Gowland Todd Provincial Park

Gowland Todd Provincial Park near Victoria, BC


This trail was given a rating of 4 out of 5 stars This trail was given a rating of 4 out of 5 stars This trail was given a rating of 4 out of 5 stars This trail was given a rating of 4 out of 5 stars This trail was given a rating of 4 out of 5 stars
12 kms
7hours
difficult
Hiking, Mountain Biking
Spring, Fall, Summer
Victoria, BC
User katherinebickford
NTS Map:92B11. The 1,219 hectare Gowlland Todd Provincial Park offers more than 25 kilometers of multi-use trails with spectacular views. The park encompasses nearly the entire east side of Saanich Inlet, from Goldstream to Brentwood Bay. Gowlland Range towers 430 meters over Finlayson Arm, a unique fjord that only replenishes its marine waters once a year.

The park preserves a large part of the Gowlland Range green space, and the shoreline and uplands of Tod Inlet. The Gowlland Range is a rich area of biodiversity, with over 150 animal and plant species. The protected area preserves a rare, dry coastal Douglas fir habitat that features grassy meadows, rocky knolls and old-growth forest.

There are three trailheads for day-use access; Tod Inlet off Wallace Drive in Brentwood Bay, Mackenzie Bight off Rossdurrance Road, and Caleb Pike on Caleb Pike Road, off Millstream Road. Gowlland Todd Park can also be accessed from the water on Tod Inlet. Mountain biking is allowed on most trails leading from the Caleb Pike and Mackenzie Bight trailheads.

Trails located around the Wallace Drive/Tod Inlet point are gentle and pass through old Vancouver Portland Cement Company settlements on the way to the shores of Tod Inlet. The parking at the Tod Inlet trailhead is limited to a small amount of roadside parking.

The Mackenzie Bight and Caleb Pike Trailheads lead to well maintained trails through mature forest and along the water. The majority of the trails extend from Mackenzie Bight to Caleb Pike, with cross trails to Mount Finlayson in Goldstream Provincial Park.

Heading west from the McKenzie Bight trailhead, McKenzie Bight is a 1.2 kilometre hike, and Jocelyn Peak is a 6.5 kilometre five hour hike. Both routes are moderate to difficult hikes, requiring hiking boots. Heading further north along Willis Point past the parking lot for the trailhead, you can connect with the trails leading to Partridge Hill--these trails are not signed or maintained but offer great views of Tod Inlet.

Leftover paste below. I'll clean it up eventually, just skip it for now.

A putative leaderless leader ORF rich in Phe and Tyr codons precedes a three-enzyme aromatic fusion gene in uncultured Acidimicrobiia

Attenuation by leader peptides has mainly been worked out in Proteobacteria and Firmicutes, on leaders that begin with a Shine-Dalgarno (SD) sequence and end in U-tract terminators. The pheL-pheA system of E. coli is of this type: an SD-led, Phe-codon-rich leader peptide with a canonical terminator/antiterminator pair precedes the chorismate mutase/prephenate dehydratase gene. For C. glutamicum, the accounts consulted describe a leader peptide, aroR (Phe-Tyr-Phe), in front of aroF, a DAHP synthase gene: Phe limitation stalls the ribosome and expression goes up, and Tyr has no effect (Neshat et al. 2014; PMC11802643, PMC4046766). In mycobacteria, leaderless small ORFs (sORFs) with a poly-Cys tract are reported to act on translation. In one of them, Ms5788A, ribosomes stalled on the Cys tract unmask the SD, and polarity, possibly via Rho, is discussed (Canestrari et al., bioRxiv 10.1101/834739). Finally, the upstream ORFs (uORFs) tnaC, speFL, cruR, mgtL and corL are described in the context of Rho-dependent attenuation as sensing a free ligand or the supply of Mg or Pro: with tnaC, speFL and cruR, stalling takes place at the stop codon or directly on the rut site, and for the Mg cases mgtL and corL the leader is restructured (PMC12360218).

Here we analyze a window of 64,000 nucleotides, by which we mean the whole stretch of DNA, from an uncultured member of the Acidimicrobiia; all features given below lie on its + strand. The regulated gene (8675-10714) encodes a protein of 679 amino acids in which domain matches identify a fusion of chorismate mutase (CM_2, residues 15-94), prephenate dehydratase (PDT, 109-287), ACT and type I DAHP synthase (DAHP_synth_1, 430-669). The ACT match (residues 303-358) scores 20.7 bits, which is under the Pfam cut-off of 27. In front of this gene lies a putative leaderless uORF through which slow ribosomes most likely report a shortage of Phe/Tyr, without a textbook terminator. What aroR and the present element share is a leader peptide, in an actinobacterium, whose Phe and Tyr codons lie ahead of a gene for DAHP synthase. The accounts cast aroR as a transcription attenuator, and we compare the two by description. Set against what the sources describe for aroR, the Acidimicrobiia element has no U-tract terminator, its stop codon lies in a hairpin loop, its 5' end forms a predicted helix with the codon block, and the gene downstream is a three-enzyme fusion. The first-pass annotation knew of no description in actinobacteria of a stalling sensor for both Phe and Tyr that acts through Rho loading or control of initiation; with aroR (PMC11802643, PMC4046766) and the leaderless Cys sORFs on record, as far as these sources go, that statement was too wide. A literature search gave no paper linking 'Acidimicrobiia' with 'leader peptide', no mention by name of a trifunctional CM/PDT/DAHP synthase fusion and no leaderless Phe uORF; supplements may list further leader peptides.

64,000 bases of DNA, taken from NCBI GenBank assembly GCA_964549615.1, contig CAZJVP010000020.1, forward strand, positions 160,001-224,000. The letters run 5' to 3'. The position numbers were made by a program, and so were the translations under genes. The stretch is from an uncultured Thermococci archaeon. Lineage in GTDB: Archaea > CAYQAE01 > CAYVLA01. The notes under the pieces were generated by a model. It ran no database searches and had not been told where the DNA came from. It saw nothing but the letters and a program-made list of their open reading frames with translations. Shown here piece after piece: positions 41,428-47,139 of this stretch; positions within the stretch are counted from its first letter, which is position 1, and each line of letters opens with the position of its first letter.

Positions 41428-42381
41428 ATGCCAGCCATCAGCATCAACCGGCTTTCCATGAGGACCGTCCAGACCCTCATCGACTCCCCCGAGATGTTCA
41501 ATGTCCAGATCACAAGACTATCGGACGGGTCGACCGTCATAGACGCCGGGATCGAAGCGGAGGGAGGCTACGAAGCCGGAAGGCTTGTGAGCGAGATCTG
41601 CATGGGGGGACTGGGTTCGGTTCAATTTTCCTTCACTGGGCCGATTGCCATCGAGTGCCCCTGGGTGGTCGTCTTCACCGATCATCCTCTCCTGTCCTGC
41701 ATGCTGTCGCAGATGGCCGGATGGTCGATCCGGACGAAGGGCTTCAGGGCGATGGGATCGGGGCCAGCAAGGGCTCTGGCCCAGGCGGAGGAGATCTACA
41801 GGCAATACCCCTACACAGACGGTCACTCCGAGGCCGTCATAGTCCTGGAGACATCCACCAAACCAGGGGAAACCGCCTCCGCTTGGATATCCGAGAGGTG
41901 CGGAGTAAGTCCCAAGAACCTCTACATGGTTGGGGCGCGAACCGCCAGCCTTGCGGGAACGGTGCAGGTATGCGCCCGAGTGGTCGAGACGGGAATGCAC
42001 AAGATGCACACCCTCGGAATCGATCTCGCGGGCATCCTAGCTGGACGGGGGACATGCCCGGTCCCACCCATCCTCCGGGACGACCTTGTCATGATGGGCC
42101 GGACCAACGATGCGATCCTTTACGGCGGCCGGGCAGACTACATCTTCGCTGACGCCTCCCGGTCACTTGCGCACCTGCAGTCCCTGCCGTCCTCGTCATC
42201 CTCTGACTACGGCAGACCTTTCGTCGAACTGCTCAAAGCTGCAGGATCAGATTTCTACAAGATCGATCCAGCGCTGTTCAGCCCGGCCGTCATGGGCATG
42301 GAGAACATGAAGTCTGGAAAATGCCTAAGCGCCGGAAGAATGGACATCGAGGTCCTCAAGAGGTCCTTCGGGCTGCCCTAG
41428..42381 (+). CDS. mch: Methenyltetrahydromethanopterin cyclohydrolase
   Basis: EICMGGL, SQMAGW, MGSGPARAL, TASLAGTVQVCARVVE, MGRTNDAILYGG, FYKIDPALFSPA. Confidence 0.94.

Directions:

Tod Inlet off Wallace Drive in Brentwood Bay, Mackenzie Bight off Rossdurrance Road, and Caleb Pike on Caleb Pike Road, off Millstream Road.



Please check the bottom of the Description (above left; click) for the author's written directions.

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By andersonglkPosted By: andersonglk  - Thu May 12 02:55:20 UTC 2016 Not Rated Upside Great views, and lots of places to take a break with a nice view. For the most part trail is well flagged. Interesting loop as the waterside part is very different than the forest side. Downside None Comment One of the best hikes near Victoria. This exact loop should get more attention, as I find it better than most of the more popular trails around town (Thetis, Elk/Beaver, etc.)
By Raay L. G.Posted By: Raay L. G.  - Wed Feb 18 22:41:08 UTC 2009 Not Rated Question Are there any standards or organizations that rate local hikes on difficulty levels?

ANSWERS are in this forum:  hiking difficulty rating standards
By hippyvillePosted By: hippyville  - Sun Oct 14 18:12:24 UTC 2007 This trail was given a rating of 4 out of 5 stars This trail was given a rating of 4 out of 5 stars This trail was given a rating of 4 out of 5 stars This trail was given a rating of 4 out of 5 stars This trail was given a rating of 4 out of 5 stars Upside Plenty of trails to choose from, whether you're looking for a quick scenic hike, or to make a day out of it. A short drive from downtown, 20 mins or so and you're there. Downside Some trails poorly marked. When you reach certain "view points" as per the trail map, you may not be too sure which view point you're at as there are no signs. Comment Wandered through it in early October starting at the McKenzie Bight access point. Hadn't been much rain over the summer, therefore the waterfall (where the Cascade/Timberman trails meet) was lacking water, so can't wait to return after some winter rain. The fall colours work wonders in this park, it's easy on the eyes all while being a decent workout to the various view points.


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